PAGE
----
A new report released by Friends of the Earth U.S. and Oil Change International reveals G20 countries have provided at least $77 billion a year in public finance to oil, gas and coal projects since the Paris Climate Agreement was reached. This government-backed support to fossil fuels from export credit agencies, development finance institutions, and multilateral development banks is more than three times what they are providing to clean energy. China, Japan, Canada, and South Korea are the largest providers of public finance to oil, gas, and coal, together making up over two-thirds of the G20 total.
As G20 governments prepare trillions in stimulus spending in response to COVID-19, the new report demonstrates that their public finance has to date been dramatically misaligned with what is needed to limit warming to 1.5°C. The report urges governments to stop using public money to prop up the fossil fuel industry, and instead invest in a just and sustainable recovery.
“G20 countries continue to subsidize the fossil fuel industry even as it makes bad business decisions that hurt people and the planet,” said Kate DeAngelis, senior international policy analyst at Friends of the Earth U.S. “Our planet is hurtling towards climate catastrophe and these countries are pouring gasoline on the fire to the tune of billions. We must hold G20 governments accountable for their promises to move countries toward clean energy. They have an opportunity to reflect and change their financing so that it supports clean energy solutions that will not exacerbate bad health outcomes and put workers at greater risk.”
“Fossil fuel corporations know their days are numbered. Their lobbyists are using the COVID-19 crisis as cover to try to secure the massive new government handouts they need to survive,” said Bronwen Tucker, research analyst at Oil Change International. “Government money must instead support a just transition from fossil fuels that protects workers, communities, and the climate — both at home and beyond their borders. Instead of bankrolling another major crisis — climate change — our governments should invest in a resilient future.”
“It is unacceptable that such a high investment, which will provide billions of profits for foreign companies like Total, is contributing to the impoverishment and oppression of already vulnerable local communities,” said Anabela Lemos, director of Justicia Ambiental who has been raising the alarm on the international public finance behind LNG expansion in Mozambique. “Peasant and fishing families have lost their livelihoods for a lifetime; the discovery of gas has stolen their identity and failed to provide them with the conditions stipulated in the so-called community consultation processes.”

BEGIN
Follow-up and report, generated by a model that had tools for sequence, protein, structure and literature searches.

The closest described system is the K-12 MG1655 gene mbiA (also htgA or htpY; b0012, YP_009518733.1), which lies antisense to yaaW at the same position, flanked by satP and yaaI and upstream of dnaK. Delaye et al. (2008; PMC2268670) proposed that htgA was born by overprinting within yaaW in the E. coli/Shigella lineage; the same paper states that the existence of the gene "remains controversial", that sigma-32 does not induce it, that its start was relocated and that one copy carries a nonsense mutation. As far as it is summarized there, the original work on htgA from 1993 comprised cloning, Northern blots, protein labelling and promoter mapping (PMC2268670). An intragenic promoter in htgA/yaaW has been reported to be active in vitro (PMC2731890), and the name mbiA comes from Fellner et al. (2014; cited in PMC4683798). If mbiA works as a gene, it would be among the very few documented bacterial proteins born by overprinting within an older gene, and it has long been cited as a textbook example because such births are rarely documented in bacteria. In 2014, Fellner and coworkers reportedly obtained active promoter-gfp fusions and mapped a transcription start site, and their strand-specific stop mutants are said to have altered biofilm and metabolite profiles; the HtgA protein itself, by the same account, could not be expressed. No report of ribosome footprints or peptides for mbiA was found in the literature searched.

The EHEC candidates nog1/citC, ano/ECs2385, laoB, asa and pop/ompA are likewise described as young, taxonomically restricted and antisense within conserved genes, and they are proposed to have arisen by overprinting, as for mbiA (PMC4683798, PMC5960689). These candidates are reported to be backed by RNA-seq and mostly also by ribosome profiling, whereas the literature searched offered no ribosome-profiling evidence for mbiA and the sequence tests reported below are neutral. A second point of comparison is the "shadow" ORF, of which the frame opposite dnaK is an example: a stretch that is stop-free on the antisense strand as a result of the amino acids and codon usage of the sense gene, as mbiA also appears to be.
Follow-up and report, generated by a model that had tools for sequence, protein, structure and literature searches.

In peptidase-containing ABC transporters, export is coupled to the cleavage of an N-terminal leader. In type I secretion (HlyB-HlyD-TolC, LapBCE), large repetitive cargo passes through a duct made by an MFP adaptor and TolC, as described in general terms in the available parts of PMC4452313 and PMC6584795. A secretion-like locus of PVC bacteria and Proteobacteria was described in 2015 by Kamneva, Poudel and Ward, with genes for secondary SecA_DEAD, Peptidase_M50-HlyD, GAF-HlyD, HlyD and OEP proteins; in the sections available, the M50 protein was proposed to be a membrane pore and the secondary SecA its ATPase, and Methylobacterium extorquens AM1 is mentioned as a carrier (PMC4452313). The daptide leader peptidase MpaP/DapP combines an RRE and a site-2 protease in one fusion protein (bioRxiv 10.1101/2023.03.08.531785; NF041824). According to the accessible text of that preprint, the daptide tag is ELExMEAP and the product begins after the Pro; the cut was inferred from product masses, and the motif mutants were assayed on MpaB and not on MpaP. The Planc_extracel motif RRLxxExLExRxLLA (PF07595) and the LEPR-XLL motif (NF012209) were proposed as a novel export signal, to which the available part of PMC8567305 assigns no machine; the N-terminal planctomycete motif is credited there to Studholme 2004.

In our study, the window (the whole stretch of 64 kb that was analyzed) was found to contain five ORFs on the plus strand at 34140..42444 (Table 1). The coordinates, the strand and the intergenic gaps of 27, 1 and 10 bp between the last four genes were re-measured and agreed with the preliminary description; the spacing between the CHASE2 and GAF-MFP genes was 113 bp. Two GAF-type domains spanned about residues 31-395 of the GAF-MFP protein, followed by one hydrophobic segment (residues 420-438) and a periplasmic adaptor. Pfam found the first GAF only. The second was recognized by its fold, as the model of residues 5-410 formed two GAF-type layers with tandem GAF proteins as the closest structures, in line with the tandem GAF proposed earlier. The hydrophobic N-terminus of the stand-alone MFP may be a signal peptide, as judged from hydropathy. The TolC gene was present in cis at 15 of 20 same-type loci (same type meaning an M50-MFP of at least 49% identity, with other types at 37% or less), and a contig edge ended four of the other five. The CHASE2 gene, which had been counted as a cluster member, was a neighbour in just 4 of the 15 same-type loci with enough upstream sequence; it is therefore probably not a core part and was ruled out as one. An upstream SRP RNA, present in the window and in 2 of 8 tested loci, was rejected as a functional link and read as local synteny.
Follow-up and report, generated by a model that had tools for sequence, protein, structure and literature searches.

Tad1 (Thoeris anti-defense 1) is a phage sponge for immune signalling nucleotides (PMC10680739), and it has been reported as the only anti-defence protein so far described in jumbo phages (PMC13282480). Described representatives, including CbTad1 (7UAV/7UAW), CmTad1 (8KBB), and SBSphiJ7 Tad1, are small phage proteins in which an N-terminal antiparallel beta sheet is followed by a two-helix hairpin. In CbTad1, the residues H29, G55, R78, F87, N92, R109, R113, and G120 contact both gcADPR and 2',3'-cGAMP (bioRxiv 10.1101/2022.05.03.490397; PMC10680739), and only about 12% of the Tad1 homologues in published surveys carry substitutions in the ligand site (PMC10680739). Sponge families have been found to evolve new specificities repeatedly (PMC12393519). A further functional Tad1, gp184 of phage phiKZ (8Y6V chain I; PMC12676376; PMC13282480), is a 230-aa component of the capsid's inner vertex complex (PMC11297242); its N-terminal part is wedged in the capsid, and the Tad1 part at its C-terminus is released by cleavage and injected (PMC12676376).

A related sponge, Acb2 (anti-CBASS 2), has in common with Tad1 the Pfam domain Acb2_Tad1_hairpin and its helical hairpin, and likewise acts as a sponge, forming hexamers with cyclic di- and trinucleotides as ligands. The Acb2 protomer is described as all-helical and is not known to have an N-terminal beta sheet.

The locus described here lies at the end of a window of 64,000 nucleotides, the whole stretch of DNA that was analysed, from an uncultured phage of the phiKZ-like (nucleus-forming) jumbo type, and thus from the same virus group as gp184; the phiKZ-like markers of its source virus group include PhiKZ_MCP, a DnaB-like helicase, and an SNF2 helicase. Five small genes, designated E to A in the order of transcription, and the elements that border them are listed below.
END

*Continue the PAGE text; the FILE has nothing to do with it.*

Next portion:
Utilizing data from Oil Change International’s Shift the Subsidies database, the report analyzes public finance for energy coming from G20 export credit agencies (ECAs) and development finance institutions (DFIs), as well as the multilateral development banks (MDBs) that G20 countries control. It does not include direct subsidies for the industry through tax and fiscal subsidies which are an estimated additional $80 billion a year. Some of the key findings include:
Support for fossil fuels has not dropped since the Paris Agreement was made. Efforts to reduce coal financing were dealt a significant setback, with the annual average support for coal from G20 countries increasing by $1.3 billion in 2016-2018 compared to 2013-2015. Support for oil and gas stayed steady at $64 billion a year, showing that public finance institutions are far from aligning their financing with what is necessary to limit warming to the internationally-agreed 1.5°C limit.
Export credit agencies (ECAs) were the worst public finance actors, providing nearly 14 times as much support for fossil fuels than clean energy, with $40.1 billion a year for fossils and just $2.9 billion for clean.
While progress needs to be dramatically scaled up, some institutions are leading the way in phasing out fossil fuel investments. The United Kingdom, Canada, France and three MDBs have enacted full or near-full restrictions on direct coal financing, and 14 others have partial restrictions. For oil and gas, the European Investment Bank has a near complete commitment to exclude new support, while France, Germany, Brazil, and six of the eight other multilateral development banks have partial restrictions.
Most of this finance flowed to wealthier countries. Nine of the top fifteen recipients were high or upper-middle income countries by the World Bank classifications. Five were lower-middle income, and only one low-income.